Two unlikely allies: the US Military and the video game industry. Who knew?
Update: It’s New Year’s Day and Ars staffers are enjoying a winter break (inevitably filled with some wishful vacation research and cooking). As such, we’re resurfacing a few favorites from the site archives—like this look at how the military has used video games (and vice versa). This story originally ran on December 7, 2008, and it appears unchanged below.
The branches of the United States military have had a strong presence in video games since the dawn of the medium, with appearances in genres from primitive arcade shooters to real-time strategy, first-person shooters, scrolling shooters, to the occasional beat-’em-ups. Few of these titles have actually had official military involvement or input, but recently that has begun to change. Not only have the different branches sponsored “official” games, but they have also used serious games to provide training for their soldiers. So the recent news that the US Army has decided to invest $50 million into video game development was not much of a surprise to the industry. After all, the Army has realized that video games are immensely useful tools, both for capturing the public’s interest, as well as training soldiers in the art of war.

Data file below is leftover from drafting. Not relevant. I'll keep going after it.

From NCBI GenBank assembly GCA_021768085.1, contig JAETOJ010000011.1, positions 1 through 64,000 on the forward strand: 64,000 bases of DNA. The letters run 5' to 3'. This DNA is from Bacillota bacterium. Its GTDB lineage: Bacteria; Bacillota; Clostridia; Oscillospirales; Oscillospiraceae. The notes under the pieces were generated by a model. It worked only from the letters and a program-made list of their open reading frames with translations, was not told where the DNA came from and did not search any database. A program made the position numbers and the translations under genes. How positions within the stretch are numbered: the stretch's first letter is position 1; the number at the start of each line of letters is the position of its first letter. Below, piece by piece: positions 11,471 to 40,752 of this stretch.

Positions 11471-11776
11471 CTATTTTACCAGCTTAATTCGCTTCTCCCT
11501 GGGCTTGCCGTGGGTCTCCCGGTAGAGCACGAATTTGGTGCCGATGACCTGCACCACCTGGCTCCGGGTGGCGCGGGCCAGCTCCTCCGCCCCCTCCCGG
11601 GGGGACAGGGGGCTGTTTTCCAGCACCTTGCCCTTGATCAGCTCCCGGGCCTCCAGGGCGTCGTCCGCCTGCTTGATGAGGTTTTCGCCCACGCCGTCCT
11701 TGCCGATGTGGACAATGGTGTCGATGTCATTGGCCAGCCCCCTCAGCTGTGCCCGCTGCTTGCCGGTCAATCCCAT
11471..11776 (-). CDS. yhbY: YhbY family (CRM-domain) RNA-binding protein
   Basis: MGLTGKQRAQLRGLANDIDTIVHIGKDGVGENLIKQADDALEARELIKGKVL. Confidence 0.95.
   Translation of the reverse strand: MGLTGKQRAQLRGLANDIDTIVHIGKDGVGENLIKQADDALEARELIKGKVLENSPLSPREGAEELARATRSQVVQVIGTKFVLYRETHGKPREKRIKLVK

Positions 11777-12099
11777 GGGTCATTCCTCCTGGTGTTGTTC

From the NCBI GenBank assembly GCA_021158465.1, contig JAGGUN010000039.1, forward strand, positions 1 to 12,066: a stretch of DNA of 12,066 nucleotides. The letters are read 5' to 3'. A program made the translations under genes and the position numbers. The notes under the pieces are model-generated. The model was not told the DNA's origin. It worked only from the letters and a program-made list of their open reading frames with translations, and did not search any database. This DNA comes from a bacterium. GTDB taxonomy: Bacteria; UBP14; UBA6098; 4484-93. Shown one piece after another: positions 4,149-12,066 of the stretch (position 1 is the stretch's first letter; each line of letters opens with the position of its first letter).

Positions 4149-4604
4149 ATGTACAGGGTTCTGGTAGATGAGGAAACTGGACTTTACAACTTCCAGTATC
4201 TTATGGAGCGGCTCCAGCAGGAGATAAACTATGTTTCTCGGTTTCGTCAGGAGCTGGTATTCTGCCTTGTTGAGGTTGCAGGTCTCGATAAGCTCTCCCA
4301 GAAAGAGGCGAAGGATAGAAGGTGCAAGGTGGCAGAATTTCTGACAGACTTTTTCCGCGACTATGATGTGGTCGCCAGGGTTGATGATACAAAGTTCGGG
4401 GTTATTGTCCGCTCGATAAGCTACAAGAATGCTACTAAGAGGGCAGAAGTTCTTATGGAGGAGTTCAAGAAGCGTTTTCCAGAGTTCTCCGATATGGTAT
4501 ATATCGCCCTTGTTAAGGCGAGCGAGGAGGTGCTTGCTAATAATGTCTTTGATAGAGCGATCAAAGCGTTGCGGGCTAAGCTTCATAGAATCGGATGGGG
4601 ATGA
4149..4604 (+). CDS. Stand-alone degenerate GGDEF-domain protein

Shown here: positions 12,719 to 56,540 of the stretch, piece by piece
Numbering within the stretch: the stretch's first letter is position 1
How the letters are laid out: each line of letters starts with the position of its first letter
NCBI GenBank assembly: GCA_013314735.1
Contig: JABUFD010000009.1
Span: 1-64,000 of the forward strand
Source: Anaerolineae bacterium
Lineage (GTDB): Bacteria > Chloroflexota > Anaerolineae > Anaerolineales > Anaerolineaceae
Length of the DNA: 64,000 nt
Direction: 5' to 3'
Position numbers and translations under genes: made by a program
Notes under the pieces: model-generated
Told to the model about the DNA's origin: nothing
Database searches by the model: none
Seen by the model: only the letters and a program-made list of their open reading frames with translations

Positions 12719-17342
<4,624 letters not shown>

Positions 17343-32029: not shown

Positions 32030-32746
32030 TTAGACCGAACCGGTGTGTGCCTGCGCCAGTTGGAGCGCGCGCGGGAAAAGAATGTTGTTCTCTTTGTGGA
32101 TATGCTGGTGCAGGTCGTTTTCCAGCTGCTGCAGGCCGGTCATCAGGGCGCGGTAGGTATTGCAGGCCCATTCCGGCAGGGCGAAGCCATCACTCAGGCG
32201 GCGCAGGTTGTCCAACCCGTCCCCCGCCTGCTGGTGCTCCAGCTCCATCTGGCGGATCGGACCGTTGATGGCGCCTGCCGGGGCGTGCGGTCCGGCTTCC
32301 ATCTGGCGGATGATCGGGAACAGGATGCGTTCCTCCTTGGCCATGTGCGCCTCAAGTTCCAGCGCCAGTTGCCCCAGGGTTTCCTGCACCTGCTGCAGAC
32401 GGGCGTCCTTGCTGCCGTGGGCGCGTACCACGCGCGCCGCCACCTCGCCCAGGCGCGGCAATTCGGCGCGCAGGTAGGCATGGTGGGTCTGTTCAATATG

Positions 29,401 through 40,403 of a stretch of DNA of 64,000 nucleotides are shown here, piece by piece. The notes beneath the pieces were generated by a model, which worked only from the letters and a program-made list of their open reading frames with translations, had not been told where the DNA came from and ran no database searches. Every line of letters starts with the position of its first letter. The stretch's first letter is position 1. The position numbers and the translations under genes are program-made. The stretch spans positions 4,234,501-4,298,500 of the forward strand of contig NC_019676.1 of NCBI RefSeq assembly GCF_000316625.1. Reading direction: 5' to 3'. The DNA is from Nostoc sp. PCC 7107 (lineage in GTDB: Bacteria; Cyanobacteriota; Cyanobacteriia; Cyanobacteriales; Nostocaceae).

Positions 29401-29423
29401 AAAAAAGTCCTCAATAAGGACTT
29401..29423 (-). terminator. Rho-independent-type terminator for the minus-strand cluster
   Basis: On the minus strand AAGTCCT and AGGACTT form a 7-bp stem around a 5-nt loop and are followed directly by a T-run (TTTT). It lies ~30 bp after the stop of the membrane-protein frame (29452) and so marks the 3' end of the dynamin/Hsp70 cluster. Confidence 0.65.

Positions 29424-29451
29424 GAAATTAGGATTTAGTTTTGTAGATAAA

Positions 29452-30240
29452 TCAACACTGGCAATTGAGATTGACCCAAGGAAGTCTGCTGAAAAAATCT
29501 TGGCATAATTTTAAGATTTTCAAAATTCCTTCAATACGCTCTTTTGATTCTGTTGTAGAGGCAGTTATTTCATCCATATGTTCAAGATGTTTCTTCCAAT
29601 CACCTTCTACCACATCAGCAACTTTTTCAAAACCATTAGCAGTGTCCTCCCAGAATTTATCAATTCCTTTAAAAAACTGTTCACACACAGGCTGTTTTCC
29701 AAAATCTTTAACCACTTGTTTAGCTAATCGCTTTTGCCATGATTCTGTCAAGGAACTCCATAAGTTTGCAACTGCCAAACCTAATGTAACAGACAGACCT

America’s Army, the free-to-play first-person shooter that aims to give players a taste of what it’s like to be a member of the Armed Forces, has been around since 2002. The shooter has garnered a number of awards over the years, and has managed to attract several million players on both PCs and consoles. While it has certainly proved popular with gamers, it isn’t an outright recruitment tool in its own right. A more accurate description of the game would be that it’s an aid in the recruitment process.